7 Colonial Underpinnings of the Legal System

Indian Lands – Indian Affairs Canada (1874)” by pkdon50 is licensed under CC BY 2.0

Colonialism refers to a situation where one state or group has control over another group of people and their territory. In practice, colonialism includes the permanent migration of a population to a previously occupied territory. Laws and policies are developed to justify claiming territory that is already occupied. In Canada, these legal and moral concepts are not simply artifacts of colonial history but serve as the foundation of land claims that are argued in court today. The Doctrine of Discovery and Terra Nullius are legal doctrines that serve as the basis for Canada’s legal right to its territory.

The Doctrine of Discovery finds its origins in Papal Bulls, which are formal statements made by the Pope. The Doctrine can be traced as far back as at least the crusades, where conquest was justified based on the Popes obligation to care for everyone’s spiritual needs.[1] Relevant to this discussion is Dum diversas and Romanus Pontifex, issued by Pope Nicholas V in the 1400s sanctioning the conquest of North Africa by the Portuguese. Pope Nicholas V states in Romanus Pontifex,

“We [therefore] weighing all and singular the premises with due meditation, and noting that since we had formerly by other letters of ours granted among other things free and ample faculty to the aforesaid King Alfonso — to invade, search out, capture, vanquish, and subdue all Saracens and pagans whatsoever, and other enemies of Christ wheresoever placed, and the kingdoms, dukedoms, principalities, dominions, possessions, and all movable and immovable goods whatsoever held and possessed by them and to reduce their persons to perpetual slavery, and to apply and appropriate to himself and his successors the kingdoms, dukedoms, counties, principalities, dominions, possessions, and goods, and to convert them to his and their use and profit”[2]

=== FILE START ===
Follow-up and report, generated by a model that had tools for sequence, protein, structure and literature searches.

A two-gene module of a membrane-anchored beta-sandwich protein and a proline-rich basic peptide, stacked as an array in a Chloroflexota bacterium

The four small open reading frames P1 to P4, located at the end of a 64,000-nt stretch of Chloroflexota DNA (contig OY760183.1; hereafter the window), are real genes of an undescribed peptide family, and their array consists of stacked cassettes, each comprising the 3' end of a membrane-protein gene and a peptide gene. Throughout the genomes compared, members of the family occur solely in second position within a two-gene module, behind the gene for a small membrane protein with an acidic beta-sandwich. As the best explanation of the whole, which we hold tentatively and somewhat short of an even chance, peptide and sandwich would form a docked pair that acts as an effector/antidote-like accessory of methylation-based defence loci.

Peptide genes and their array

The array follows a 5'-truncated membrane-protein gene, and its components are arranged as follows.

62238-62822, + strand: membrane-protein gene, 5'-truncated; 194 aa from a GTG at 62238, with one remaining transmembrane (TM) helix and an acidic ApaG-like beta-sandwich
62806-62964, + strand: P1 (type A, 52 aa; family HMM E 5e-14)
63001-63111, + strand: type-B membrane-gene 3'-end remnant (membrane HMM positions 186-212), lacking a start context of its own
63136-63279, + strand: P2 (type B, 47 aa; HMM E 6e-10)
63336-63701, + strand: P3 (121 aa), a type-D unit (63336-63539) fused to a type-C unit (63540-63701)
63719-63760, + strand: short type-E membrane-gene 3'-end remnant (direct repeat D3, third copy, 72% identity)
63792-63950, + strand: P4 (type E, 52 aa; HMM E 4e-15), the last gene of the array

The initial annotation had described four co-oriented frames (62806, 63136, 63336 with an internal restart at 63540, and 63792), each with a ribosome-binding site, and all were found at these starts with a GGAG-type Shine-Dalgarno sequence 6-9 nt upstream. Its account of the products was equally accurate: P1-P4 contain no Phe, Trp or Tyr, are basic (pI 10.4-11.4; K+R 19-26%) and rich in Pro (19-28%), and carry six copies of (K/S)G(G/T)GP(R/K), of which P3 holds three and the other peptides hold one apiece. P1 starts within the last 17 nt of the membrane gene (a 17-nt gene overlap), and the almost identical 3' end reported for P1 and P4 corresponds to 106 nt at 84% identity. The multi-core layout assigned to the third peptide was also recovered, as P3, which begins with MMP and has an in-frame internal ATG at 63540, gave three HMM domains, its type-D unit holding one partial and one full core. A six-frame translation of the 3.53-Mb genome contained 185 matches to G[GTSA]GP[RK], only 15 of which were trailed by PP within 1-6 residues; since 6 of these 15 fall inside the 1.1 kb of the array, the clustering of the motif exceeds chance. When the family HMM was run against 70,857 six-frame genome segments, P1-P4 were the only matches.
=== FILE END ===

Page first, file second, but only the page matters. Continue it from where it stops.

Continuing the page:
While Romanus Pontifex authorized King Ferdinand of Portugal to conquer North Africa and enslave their population, it did not contemplate Spain, which had just been in the process, referred to as the “Reconquista”, or “conquering Spain back” under the so-called “Reyes Catolicos” or “Catholic King and Queen” – who in turn in 1492 mandated Christopher Columbus to head westward.[3] In response, the Pope issued Inter Caetera, stating, “…you have purposed with the favour of divine clemency to bring under your sway the said mainlands and islands with their residents and inhabitants and to bring them to the Catholic faith.”[4]

British and French legal scholars of the time argued over the proper interpretation of the papal bulls, concluding that they could justly assert their sovereignty over any territory or people that is not already under the control of another Christian nation.[5]


Royal Proclamation of 1763[6]

With the pope having less authority over international affairs, disputes over land arose from the colonies in North America. After the British defeated the French with the help of the First Nations, the Royal Proclamation of 1763 was issued. The proclamation, in part, served to mediate tensions arising from colonial encroachment onto First Nations territories. The Proclamation is seen as affirming First Nations sovereignty and rights over their land but at the same time, it asserted First Nations Territories as crown ‘dominion’, providing the crown with a mechanism to modify and extinguish Aboriginal Title.


Johnson v M’intosh[7]

The most prominent case on the Doctrine of Discovery is Johnson v M’intosh, a case from the US Supreme CourtAt issue was whether private individuals have the title to land if it was granted by First Nations. In short, the court stated that First Nations could not sell the land because they were not rightful owners. Justice Marshall asserted that European states acquired title to the land upon its discovery. He argues,

“On the discovery of this immense continent, the great nations of Europe were eager to appropriate to themselves so much of it as they could respectively acquire…. discovery gave title to the government by whose subjects, or by whose authority, it was made, against all other European governments, which title might be consummated by possession.”[8]

The reasoning by Justice Marshall is inherently racist as he explicitly states the Doctrine of Discovery “…is confined to countries ‘then unknown to all Christian people;’”[9] In other words, First Nations could not own land because their title was not granted through the church. The reasoning is not confined to American jurisprudence either, as the case is referenced throughout Canadian jurisprudence as well.